Diatribes of Jay

This is a blog of essays on public policy. It shuns ideology and applies facts, logic and math to economic, social and political problems. It has a subject-matter index, a list of recent posts, and permalinks at the ends of posts. Comments are moderated and may take time to appear. Note: Profile updated 4/7/12

11 April 2018

How American Capitalists Transferred Americans’ Jobs and Intellectual Property to China

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[Note to readers: I have not given up on Facebook and Zuckerberg. I am still planning to delete Facebook from my life entirely and will be reporting on how that project goes. But it’s going to take time to digest Zuckerberg’s testimony—its substance, not just his consequence- and cost-free apologies—and the level of comprehension, or lack thereof, among our political leaders. I still believe that Facebook is badly conceived and designed and incapable of managing the awesome monopoly power that its priority has thrust upon it, let alone for net social good. But I want to study and think some more before finalizing my analysis, in the hope of possibly finding some global, if not simple, legislative remedies. In the meantime, the subject of our trade and relationship with China is equally important and equally in need of clear thinking.]

Our president is a man of limited understanding and attention but ready blame. He blames Congress and its leaders for failing to pass a repeal of Obamacare that would have deprived some twenty million people of useful health insurance. He blames Kim Jong Un for a puerile war of words that he started. He blames China for “stealing” Americans’ factory jobs and intellectual property. And he blames our own prior governments for complicity (or stupidity) in China’s “theft.”

It’s true that Americans have lost millions of factory jobs over the last generation, and that many of them went to China. It’s true that China has benefited enormously from our intellectual property (IP). How else could China now make Apple’s iPhones, when we invented the transistors, integrated circuits, microprocessors and LCD screens—and wrote the software—that make them work?

Some transfer of IP to China could be called “theft.” That’s especially true today, when China is aiming its cyberespionage not just at our military but at virtually all of our important corporations.

Yet it’s also true that the transfer of jobs and technology from the United States (and other developing nations) has raised nearly a billion people out of extreme poverty worldwide, most them in China. And it’s true that the transfer of jobs and IP is party responsible for our growing economic inequality. Our very own owners and bosses got richer from the transfer—often much richer—while the workers who lost their jobs and prospects got poorer.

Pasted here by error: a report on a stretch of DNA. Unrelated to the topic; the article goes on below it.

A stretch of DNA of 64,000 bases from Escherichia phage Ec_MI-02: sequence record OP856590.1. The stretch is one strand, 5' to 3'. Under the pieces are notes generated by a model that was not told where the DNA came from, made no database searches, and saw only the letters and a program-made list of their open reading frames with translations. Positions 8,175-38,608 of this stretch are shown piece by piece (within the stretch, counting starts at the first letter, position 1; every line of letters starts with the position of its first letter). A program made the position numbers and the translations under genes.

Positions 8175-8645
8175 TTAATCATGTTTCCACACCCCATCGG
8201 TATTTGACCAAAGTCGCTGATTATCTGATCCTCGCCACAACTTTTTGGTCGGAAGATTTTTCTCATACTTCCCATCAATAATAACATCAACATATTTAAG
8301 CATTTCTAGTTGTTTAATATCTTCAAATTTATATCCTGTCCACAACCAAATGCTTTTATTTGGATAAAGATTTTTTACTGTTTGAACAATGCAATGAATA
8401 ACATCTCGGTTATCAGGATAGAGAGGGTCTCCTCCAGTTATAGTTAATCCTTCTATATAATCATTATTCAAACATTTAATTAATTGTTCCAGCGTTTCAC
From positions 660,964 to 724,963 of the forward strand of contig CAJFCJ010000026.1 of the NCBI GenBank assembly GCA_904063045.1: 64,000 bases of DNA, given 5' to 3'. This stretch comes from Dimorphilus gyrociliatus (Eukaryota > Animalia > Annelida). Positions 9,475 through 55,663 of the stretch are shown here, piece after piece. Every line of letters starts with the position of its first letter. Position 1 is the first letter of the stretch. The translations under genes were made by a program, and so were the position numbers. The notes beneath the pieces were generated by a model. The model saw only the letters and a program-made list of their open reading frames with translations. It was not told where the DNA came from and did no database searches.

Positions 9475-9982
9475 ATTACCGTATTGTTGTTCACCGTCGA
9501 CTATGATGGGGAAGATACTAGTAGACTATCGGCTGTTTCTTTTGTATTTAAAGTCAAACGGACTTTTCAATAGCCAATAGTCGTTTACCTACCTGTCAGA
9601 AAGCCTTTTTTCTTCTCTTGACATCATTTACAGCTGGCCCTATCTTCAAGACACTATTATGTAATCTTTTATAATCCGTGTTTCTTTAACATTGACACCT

But the dirty little secret of China’s “economic miracle” and our relative decline is that the vast majority of our transfer of jobs and technology was voluntary. It was in American capitalists’ interest. They made it not just willingly, but enthusiastically. This essay analyzes the incentives, how and why the transfers occurred, and the implications for future policy.

To understand what happened, you have to remember that China was an economic pariah after World War II. Not only was it devastated by several decades of brutal Japanese occupation and the long catastrophe of war. It was also just emerging from a two-century-long slump, in which its territory and exports had been diced up and parceled out to colonial powers, most recently Japan. During all that time, China had never been strong or unified, not until Mao Zedong won his Communist Revolution and unified China as the People’s Republic in 1949.

So it wasn’t as if China had a lot of leverage to begin with. In the fifties it developed nuclear weapons, but its conventional forces were all focused on the home front and shaky neighbors like Korea and Vietnam. Economically, it was a basket case, unable to feed itself. It remained so—in part due to Mao’s whimsical economic policies—until Deng Xioaping took over in 1978. That was just 40 years ago.

As China embarked on its economic miracle under Deng’s pragmatic leadership, what leverage did it have over the US or, for that matter, any nation in the West? It had only two things: (1) cheap labor and (2) a big potential market. In many cases, the big market remained potential, not actual, until the standard of living of enough Chinese rose to a level that could support the purchase of expensive products like radios, TVs, cars and modern kitchen appliances. That transition is still ongoing, especially in China’s remote west and countryside.